Curator Letizia Treves gives a short talk on Orazio Gentileschi’s ’The Finding of Moses’.
Gentileschi may not be as widely known today as his daughter Artemisia, whose Self Portrait as Saint Catherine of Alexandria hangs in the Gallery, but he is one of the most interesting figures of the Italian Baroque. He had an international career, counting aristocrats and monarchs among his patrons. Together with Van Dyck and Rubens, he was one of the leading international painters who came to work in London for King Charles I.
This painting shows the moment of discovery by Pharaoh’s daughter, the central figure pointing down at the child. Two handmaidens on the right gesture towards the spot where he was found. The kneeling figure in green is Moses’ sister, Miriam, who had been watching nearby. She came forward and volunteered her mother, the woman seen standing on the far left with a protective hand on Miriam’s shoulder, as nursemaid to the child, so returning Moses to his mother.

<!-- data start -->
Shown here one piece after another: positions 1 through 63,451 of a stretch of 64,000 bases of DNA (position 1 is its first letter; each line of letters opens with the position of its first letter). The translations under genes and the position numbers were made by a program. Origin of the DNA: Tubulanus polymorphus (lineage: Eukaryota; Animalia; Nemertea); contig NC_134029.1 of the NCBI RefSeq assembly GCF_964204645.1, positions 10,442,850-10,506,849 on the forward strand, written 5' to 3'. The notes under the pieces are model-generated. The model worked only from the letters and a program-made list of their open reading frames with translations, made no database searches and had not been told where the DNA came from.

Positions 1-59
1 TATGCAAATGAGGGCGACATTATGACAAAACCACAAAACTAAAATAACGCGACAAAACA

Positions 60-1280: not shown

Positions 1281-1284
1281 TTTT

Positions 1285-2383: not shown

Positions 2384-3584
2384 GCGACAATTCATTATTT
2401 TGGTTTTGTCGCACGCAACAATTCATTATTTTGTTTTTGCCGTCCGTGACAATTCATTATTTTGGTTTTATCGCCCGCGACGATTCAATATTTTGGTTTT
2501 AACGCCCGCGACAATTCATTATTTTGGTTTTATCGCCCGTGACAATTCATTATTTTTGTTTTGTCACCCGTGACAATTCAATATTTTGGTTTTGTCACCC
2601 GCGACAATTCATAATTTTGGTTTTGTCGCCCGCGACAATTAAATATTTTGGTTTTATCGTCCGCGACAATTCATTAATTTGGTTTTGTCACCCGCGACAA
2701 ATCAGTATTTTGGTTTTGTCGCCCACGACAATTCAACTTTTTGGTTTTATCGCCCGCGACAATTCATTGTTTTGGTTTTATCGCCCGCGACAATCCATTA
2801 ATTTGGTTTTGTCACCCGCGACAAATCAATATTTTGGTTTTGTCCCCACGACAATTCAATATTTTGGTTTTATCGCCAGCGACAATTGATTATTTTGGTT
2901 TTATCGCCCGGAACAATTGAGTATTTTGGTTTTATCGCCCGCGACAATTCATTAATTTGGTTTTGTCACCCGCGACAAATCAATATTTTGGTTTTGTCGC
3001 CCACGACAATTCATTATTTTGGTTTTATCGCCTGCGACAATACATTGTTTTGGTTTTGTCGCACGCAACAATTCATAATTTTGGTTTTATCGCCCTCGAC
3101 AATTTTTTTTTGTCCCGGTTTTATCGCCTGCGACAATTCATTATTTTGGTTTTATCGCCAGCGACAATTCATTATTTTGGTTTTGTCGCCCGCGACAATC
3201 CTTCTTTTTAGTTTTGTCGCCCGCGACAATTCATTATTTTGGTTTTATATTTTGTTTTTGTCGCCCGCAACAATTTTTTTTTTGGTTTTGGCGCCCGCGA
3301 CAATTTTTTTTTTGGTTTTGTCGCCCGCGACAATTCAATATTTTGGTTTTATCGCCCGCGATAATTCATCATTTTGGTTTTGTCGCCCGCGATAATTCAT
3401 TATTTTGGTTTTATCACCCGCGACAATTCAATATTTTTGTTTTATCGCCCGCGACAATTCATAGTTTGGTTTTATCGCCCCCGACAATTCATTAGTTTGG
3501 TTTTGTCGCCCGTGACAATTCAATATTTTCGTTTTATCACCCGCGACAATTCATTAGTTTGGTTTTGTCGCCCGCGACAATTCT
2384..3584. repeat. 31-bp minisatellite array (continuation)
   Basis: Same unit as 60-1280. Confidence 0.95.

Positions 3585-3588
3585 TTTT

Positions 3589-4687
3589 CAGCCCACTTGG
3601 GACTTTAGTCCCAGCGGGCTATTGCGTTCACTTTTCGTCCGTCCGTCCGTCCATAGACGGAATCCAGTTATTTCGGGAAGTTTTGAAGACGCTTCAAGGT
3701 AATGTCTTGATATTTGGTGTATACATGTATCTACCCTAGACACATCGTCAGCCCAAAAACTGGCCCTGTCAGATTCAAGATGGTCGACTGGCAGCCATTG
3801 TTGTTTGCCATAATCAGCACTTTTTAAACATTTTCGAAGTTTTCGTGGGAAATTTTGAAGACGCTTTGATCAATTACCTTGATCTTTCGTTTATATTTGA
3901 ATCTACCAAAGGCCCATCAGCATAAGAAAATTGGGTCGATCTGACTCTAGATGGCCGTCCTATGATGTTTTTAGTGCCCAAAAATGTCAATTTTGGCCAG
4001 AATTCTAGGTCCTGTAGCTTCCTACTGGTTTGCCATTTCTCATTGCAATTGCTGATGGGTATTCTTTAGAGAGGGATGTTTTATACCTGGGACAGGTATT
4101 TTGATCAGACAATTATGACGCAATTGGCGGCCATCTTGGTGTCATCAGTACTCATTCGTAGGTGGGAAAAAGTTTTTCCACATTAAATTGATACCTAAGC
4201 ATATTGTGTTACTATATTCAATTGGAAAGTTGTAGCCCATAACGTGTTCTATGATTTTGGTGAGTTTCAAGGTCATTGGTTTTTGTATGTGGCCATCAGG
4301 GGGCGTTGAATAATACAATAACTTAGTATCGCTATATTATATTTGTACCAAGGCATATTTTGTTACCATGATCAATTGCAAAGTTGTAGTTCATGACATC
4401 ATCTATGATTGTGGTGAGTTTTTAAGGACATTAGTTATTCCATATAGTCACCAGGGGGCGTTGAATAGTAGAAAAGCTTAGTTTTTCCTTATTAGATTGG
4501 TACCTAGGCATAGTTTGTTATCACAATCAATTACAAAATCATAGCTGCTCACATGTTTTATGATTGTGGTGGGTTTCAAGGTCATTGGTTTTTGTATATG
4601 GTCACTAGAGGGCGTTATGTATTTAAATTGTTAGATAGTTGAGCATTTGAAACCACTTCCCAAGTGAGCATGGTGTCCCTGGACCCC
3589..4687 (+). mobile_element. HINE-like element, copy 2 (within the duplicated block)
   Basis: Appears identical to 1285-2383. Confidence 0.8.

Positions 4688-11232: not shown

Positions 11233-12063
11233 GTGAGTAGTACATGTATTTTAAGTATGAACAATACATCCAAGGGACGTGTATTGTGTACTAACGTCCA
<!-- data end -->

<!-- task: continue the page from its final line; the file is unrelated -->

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The National Gallery houses the national collection of paintings in the Western European tradition from the 13th to the 19th centuries. The museum is free of charge and open 361 days per year, daily between 10.00 am – 6.00 pm and on Fridays between 10.00 am – 9.00 pm.
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